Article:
From 1997 until 2006, I served as Toni Morrison’s personal assistant, but I knew her before then. I’d met Toni through her caterer, my friend Franklin Johnson, a Cordon Bleu Chef who passed on a couple of years ago. I’d deliver food to Toni’s home, tend bar at her parties, and get to sit and shoot the breeze. She was always kind and generous to the workers because she was one of us.
Everything she said seemed important to me then, and that was true throughout the nine years I worked for her. It’s still true. I got to know the private side of Toni in those days: her joking-around-while-smoking-a-surreptitious-cigarette-with-the-workers side. Her often-wicked-sense-of-humor side. Her anger-at-what-isn’t-right side. Her ceaseless-love-of-family-and-friends side.
If you watch the new Timothy Greenfield-Sanders documentary, The Pieces I Am, you’ll see Toni enjoying her porch swing, a swing I installed at her home in Grand View-on-Hudson, New York. She had wanted one for a long time and came out right away to give it a try. You could see the joy in her face. As she sat there, a distant look came across her face as she gazed out at the Hudson River and she said, “John, do you see that spot just beyond the dock? That’s where I saw Beloved come out of the water.”
September 11, 2001 began typically. I was on my morning 5k and had the Don Imus show on my Walkman. Then the first plane hit. Soon, the second. Sportscaster Warner Wolf — who lived just north of the towers — called into the show and described the horrific scene. I showered in a daze and made my way to Toni’s home. She was glued to the TV screen, and we looked at each other with a mutual expression of something like numb disbelief. As the day went on, gray smoke wafted up the Hudson. So many souls in that dust, drifting by the place Beloved came out of the water. All we could do, after a while, was look out the windows surrounding the room, sit there, watching the particulates swirl and settle into the river.
A fully dressed woman walked out of the water. She barely gained the dry bank of the stream before she sat down and leaned against a mulberry tree. All day and all night she sat there …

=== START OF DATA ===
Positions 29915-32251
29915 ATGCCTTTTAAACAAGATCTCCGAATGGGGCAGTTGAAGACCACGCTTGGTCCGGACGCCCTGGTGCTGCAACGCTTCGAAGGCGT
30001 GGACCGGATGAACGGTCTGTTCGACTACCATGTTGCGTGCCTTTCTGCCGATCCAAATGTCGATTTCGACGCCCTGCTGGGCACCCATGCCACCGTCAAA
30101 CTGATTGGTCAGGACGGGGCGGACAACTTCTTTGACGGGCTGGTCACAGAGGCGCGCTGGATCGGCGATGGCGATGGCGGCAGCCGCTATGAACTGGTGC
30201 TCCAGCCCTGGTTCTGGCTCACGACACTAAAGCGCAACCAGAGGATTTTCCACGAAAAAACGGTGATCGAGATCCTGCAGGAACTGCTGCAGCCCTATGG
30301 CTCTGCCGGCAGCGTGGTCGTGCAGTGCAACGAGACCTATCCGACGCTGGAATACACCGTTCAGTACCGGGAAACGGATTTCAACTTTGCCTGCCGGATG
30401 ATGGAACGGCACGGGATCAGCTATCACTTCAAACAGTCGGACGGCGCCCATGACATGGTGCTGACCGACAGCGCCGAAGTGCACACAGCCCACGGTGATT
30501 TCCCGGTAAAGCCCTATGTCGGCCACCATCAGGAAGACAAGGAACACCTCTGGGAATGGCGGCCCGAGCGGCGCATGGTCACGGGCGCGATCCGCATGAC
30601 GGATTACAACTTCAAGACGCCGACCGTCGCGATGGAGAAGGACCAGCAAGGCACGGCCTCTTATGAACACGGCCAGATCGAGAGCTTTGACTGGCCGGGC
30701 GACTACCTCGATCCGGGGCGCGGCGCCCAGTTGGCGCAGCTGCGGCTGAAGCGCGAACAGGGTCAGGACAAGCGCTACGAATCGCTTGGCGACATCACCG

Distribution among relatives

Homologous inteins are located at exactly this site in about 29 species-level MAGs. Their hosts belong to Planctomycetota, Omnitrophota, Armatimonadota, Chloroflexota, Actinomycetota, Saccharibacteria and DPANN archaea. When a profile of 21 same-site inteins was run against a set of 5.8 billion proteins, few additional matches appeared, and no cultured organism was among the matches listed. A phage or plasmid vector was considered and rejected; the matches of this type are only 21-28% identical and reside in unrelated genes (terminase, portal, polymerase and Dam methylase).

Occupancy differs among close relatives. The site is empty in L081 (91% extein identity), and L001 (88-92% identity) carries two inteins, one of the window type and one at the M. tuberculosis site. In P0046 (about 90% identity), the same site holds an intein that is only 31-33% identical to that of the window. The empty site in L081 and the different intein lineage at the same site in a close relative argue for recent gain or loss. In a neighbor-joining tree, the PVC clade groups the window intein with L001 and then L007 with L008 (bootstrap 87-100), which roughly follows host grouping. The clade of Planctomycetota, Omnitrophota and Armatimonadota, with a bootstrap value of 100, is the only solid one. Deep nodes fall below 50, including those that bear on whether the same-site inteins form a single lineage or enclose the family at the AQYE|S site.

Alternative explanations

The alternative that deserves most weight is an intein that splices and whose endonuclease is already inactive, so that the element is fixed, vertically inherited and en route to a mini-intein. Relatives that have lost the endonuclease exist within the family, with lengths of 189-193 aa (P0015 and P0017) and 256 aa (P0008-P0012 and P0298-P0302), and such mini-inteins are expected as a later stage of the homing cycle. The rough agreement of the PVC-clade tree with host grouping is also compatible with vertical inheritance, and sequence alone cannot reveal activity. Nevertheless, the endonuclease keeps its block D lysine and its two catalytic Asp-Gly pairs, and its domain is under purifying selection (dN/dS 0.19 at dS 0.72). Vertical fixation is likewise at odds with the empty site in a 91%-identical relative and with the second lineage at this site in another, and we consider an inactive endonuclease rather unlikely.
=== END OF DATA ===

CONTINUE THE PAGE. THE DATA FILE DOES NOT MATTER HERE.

One of the last emails I received from Toni was in January 2018. I had written to wish her a happy new year, let her know about our move to Raleigh and some struggles we’d been having. She wrote back:
Happy new year John,
Glad you are holding up so well. Life should get simpler not so complicated. I have to placate every bone in my body just to write a paragraph. I am 86 so perhaps I should shut up.
Good luck to your family. You always do the right thing.
I don’t always do the right thing. But Toni Morrison taught me how to do the right thing more often than I’d done it before, and she often led me toward what the right thing might be. And we are all lucky Toni didn’t just shut up these last two years. Everything she wrote and said is important.
At this moment, I’m staring at a photo of Toni and me on the back porch. Her face is animated, and she’s pointing at something outside the frame. Toni’s greatest creations were not her novels; rather, they were the thousands of young writers she bore into being. I think she would have told you as much. As she famously stated in O, The Oprah Magazine, “I tell my students, ‘When you get these jobs that you have been so brilliantly trained for, just remember that your real job is that if you are free, you need to free somebody else. If you have some power, then your job is to empower somebody else.”
For decades, many of these writers — of all colors, genders, ages, and orientations — have come up to me and shared their stories of love and indebtedness, of the freedom Toni granted them to write the books they wanted to read, the ones we needed to read. Natasha Trethewey, one of the writers who owes this debt, once told me about an event at Radcliffe College she’d attended with Toni a few years ago. At dinner, Toni stood behind Natasha’s chair, put her hands on her shoulders and said a few words to her. In doing so, Toni’s breasts brushed the top of her head. Natasha told me it was as if she had been anointed.
Toni loved mysteries. She might say, “Oh, look at the time. Jessica’s on.” Then she’d go into the next room to watch Murder She Wrote. She loved P.D. James. Toni’s novels are all mysteries, of course, their narrators trying to determine who is ultimately to blame for the atrocities we levy on one another. In The Bluest Eye, Claudia MacTeer tells us, “There is nothing more to say — except why. But since why is difficult to handle, one must take refuge in how.” Toni, speaking through her character, suggests the importance of documentation of the black experience and, of course, in the documenting of the how, the mystery of the why is ultimately revealed. Not cleared up — revealed. Toni Morrison’s oeuvre is about revelation, in both of its dictionary meanings.
Toni’s great friend, poet Lucille Clifton, signed many books for me. Always, the inscription was “Joy!” In my sadness today, I remember, above all else, that Toni Morrison’s is a life we should celebrate, even as we mourn. From her body, from her personal grief and sense of loss, from the grief that floats through the air of her words will emerge more writers and more stories, and it is in this we must find solace in such troubled times.
In her 1993 Nobel lecture, Toni wrote, “We die. That may be the meaning of life. But we do language. That may be the measure of our lives.” I’m sitting near the shoreline, waiting for Toni to emerge from the water, imagining creation, imagining re-creation. Or I’m sitting here at my desk, midnight coming on, picturing Toni, her beloved son Slade, her sister Lois, and Franklin Johnson together, laughing and munching on a few of Franklin’s amazing spareribs, maybe, in some place better than here. Joy!